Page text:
The 6 most important accounting formulas you’ll need to know – TBEN


Remember math in high school, when you had to memorize dozens of accounting formulas to pass the final exam?

Fortunately, in the real world, you will only need to use a fraction of the accounting math you learned in school. Here are our six best formulas to help you stay on top of your small business accounting:

1. The balance sheet equation

Also known as the basic accounting equation, the balance sheet equation explains exactly how the balance sheet balances. This equation is:

Assets = liabilities + equity

What you own (assets) = what you owe (liabilities) + your contributions or retained earnings in the business (equity)

That makes our list of important accounting formulas, because once you get the hang of it, you can see at a glance how healthy your business is. For example, let’s say your bank account balance, plus your other assets (like computers, furniture, etc.) and your accounts receivable add up to $ 15,000. This is the “assets” part of the balance sheet, or the entire upper part of it.

Now let’s say your debts total $ 5,000. This is the total of all the debts you owe – credit cards, lines of credit, accounts payable, etc.

This means that your capital – the total of your combined contributions and profits that you did not take out of the business in the form of drawings and distributions – is $ 10,000. Congratulations! You most likely have a healthy, profitable business, assuming you don’t provide the business with large amounts of resources to keep it afloat.

2. Current report or acid test report

This important concept is high on the list of important accounting formulas and tells you how quickly you can pay off your short-term debts. The equation is:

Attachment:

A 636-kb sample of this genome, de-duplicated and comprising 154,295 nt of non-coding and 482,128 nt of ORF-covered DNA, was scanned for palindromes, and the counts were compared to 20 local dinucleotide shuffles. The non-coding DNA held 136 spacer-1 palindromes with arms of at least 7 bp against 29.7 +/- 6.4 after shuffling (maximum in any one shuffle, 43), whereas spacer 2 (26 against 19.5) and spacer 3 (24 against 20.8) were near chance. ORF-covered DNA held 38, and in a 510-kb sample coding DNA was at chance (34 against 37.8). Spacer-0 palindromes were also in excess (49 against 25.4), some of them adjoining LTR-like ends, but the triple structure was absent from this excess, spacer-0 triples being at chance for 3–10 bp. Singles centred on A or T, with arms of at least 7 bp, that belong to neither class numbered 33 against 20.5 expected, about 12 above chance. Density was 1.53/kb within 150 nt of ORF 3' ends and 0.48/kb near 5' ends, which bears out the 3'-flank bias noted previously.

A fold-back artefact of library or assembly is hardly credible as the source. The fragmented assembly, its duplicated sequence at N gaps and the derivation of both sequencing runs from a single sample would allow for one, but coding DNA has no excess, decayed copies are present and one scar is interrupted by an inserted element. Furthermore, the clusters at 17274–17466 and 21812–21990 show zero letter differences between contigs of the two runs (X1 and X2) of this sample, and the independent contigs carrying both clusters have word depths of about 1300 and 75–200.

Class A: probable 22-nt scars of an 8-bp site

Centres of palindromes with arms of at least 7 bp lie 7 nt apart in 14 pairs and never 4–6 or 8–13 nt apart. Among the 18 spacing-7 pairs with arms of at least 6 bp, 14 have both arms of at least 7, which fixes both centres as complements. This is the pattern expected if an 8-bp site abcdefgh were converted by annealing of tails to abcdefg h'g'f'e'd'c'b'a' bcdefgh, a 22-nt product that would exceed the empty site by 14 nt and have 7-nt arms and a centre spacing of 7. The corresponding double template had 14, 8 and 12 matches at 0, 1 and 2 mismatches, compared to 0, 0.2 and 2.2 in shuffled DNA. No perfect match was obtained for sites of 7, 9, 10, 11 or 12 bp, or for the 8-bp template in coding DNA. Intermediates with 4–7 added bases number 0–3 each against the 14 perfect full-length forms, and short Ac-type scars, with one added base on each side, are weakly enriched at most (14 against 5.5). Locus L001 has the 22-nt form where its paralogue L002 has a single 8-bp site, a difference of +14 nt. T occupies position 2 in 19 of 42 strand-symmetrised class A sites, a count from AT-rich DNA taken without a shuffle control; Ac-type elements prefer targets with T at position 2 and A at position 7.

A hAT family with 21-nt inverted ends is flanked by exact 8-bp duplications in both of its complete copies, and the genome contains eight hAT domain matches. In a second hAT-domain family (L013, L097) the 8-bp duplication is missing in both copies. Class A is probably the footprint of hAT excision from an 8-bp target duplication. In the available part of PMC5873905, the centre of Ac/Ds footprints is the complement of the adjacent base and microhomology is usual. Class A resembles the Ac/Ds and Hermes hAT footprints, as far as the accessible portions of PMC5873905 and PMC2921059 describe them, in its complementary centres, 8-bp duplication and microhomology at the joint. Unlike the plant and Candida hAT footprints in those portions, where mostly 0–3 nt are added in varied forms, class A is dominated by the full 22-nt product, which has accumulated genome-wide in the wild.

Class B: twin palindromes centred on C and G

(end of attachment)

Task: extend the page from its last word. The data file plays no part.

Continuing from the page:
Current assets / current liabilities = Current ratio

Using our example above, let’s say that of the $ 15,000 in total assets, $ 8,000 is in current assets. A current asset is cash or something that can easily be converted to cash, such as accounts receivable and short-term investments.

Now, say, of your $ 5,000 in liabilities, $ 2,000 is common. A current liability is a debt due in the next 12 months. Accounts payable, credit card balances and short-term lines of credit are all current liabilities.

Using our equation above, the current ratio is 4 ($ 8,000 / $ 2,000 = 4). This means that you have four times more short-term assets than short-term debt, or you could pay off your short-term debt four times before you run out of cash.

Ideally, your current ratio should always be greater than 1. Too high a current ratio, however, may indicate that you are not managing your capital effectively and, as a result, your business growth may stagnate.

3. Net income

Net income, or bottom line, is a measure of profitability. The equation is:

Income – Expenses = Net income

This important accounting formula tells you at a glance if you are overspending relative to your income. It’s important to note, however, that net income does not equate to cash in the bank. Payments on liabilities – debts you owe, which show up on the balance sheet – are not included in the net income equation. Capital contributions, withdrawals and distributions or the acquisition of assets are not either.

So the net income equation shows you how profitable your business operations are, but not how healthy your cash flow is.

If you need to create an income statement, you can do so with QuickBooks.

4. Cost of goods sold

Of course, the cost of goods sold should be on our list of important accounting formulas. Most accounting and point-of-sale systems calculate the cost of goods sold for you. However, it sometimes becomes necessary to perform this calculation manually. The cost of goods sold formula is: